Sandusky — Michigan Attorney General Bill Schuette filed legal motions late Thursday to intervene in a controversial joint custody case in which a twice-convicted rapist was granted parental rights to a child born from a 2008 sexual assault.
The case, which has drawn criticism and international attention, is set for a special hearing Tuesday before Sanilac County Probate Judge Gregory Ross. On Wednesday, Ross stayed his ruling giving partial custody to Christopher Mirasolo until he has heard objections from the victim’s attorney, Rebecca Kiessling.
In a copy reviewed by The Detroit News, Schuette’s office asks that Ross’ ruling granting parental rights and joint custody be dismissed.
“The people of this State have a compelling interest in seeing that survivors of sexual assault who conceive a child as a result of that assault may raise that child without the fear of having to share custody with the person who assaulted them; without the dread of disclosing personal details of their and their child’s life with the person who victimized them; and without having to relive the assault again and again,” said the motion, filed by Laura Moody, an assistant attorney general.
The filing details how the victim, now 21, was 12 when she was assaulted by Mirasolo, then 18, of Brown City. She later gave birth to a boy, now 8, who has lived with her and never had any contact with Mirasolo. Mirasolo pleaded guilty to a lesser sexual offense and served 61/2 months in the county jail.
Mirasolo, 27, who has declined to be interviewed by The News, never sought parental rights but was determined to be the biological father of the child this summer after the boy’s mother signed a paternity complaint, fearing her financial assistance of food stamps would be taken away.
Following news reports of Ross’ action, the judge has been the target of criticism, including petitions seeking to overturn his decision and recall him from office. A support rally for the victim is planned for noon Tuesday on the courthouse lawn before the special hearing.
More than 100 people have indicated on a rally website they will attend the event, which will feature speakers including the woman and another victim who was 14 when she was sexually assaulted by Mirasolo at an apartment in nearby Deckerville in 2010.
Sanilac County Prosecutor James V. Young and Eric G. Scott, the assistant prosecutor who handled the joint custody matter, have not returned telephone calls to The News. Ross has also been unavailable for comment since last week.
On Tuesday, Young issued a press release detailing how the paternity action was initiated by the Michigan Department of Human Services in July after surveying the mother.
Young said because of the case, his office’s policies and procedures will be reviewed and changed if deemed necessary.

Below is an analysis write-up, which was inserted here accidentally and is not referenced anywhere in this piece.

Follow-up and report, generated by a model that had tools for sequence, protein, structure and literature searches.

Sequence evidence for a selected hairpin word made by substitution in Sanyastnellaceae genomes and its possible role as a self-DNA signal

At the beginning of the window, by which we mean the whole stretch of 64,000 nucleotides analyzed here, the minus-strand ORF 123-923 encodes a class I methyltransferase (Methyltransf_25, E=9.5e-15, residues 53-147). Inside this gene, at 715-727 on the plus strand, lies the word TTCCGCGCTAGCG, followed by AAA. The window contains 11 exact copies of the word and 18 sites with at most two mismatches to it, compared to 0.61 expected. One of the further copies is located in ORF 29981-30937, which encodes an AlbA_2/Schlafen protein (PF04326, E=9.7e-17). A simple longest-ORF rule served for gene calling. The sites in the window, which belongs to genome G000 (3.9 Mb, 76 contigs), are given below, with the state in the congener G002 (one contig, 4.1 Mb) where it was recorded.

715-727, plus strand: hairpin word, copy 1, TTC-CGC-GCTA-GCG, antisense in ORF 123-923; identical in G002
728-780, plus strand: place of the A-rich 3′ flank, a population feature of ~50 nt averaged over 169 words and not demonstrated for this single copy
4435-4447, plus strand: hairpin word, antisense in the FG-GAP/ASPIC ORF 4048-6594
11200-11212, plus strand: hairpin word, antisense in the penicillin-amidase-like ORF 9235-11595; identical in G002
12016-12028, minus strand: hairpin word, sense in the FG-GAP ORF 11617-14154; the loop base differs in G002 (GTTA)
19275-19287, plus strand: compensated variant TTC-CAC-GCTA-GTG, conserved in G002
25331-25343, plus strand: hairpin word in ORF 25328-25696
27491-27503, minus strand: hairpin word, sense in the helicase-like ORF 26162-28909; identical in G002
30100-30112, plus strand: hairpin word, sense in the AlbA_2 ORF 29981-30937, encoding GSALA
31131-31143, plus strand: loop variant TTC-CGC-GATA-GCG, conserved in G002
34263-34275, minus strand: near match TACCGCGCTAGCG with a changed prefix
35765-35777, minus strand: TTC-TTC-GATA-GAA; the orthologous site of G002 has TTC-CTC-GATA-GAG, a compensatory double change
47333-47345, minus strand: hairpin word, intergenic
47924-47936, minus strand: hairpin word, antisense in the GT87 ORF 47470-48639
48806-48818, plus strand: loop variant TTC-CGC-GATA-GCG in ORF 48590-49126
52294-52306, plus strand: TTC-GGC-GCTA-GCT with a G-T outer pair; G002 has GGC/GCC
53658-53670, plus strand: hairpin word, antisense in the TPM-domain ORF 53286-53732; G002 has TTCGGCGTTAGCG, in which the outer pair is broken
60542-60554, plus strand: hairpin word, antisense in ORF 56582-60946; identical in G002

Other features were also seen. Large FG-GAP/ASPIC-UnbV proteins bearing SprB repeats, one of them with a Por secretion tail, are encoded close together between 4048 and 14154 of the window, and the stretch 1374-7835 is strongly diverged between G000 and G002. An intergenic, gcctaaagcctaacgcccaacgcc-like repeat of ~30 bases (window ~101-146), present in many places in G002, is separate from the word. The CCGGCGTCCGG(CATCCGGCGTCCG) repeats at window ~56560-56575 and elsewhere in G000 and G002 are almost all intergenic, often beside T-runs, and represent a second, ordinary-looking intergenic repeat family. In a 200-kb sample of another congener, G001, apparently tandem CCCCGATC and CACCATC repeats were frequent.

John Nevin, a spokesman for the state Court Administrator’s Office, which oversees courts across Michigan, said Ross was never informed of Mirasolo’s sexual assault convictions before signing the joint custody order. Nevin said the Prosecutor’s Office had a duty to disclose the information.
“There might have not been concerns because she (victim) had consented to a paternity questionnaire and named him as the father,” Nevin said Wednesday. “If no one is questioning who the parents are, then there may not have been concerns that anything was in dispute.
“But they (Prosecutor’s Office) absolutely had an obligation to provide the judge with information about the father’s convictions, no question,” said Nevin, who has talked with Ross.
Kiessling does not dispute that Ross may have been “blindsided” in the matter but said he should never have signed a consent judgment that did not contain her client’s signature.
State law restricts people who have committed nonconsensual sexual acts from having parental rights. And the Prosecutor’s Office doesn’t decide parenting and custody issues, Kiessling said.
The custody case has upset and angered many, not just because a convicted rapist was being given joint custody but because many feel Mirasolo never received proper punishment for his crimes, both of which were settled without trial in plea agreements.
Because of the young age of his victim, Mirasolo could have faced any term of years up to life in prison with a minimum 25-year sentence.
But in January 2009, he pleaded guilty to attempted third-degree criminal sexual conduct and received a one-year sentence in the county jail. Mirasolo was released so he could care for his sick mother.
In March 2010, while still on probation, Mirasolo committed another sexual assault on a 14-year-old Deckerville girl who said he armed himself with brass knuckles and threatened to kill her. He pleaded no contest to a lesser offense of fourth-degree criminal sexual conduct and served four years of a five-year minimum sentence.
Sentencings in both cases were handled by Sanilac County Circuit Judge Donald A. Teeple.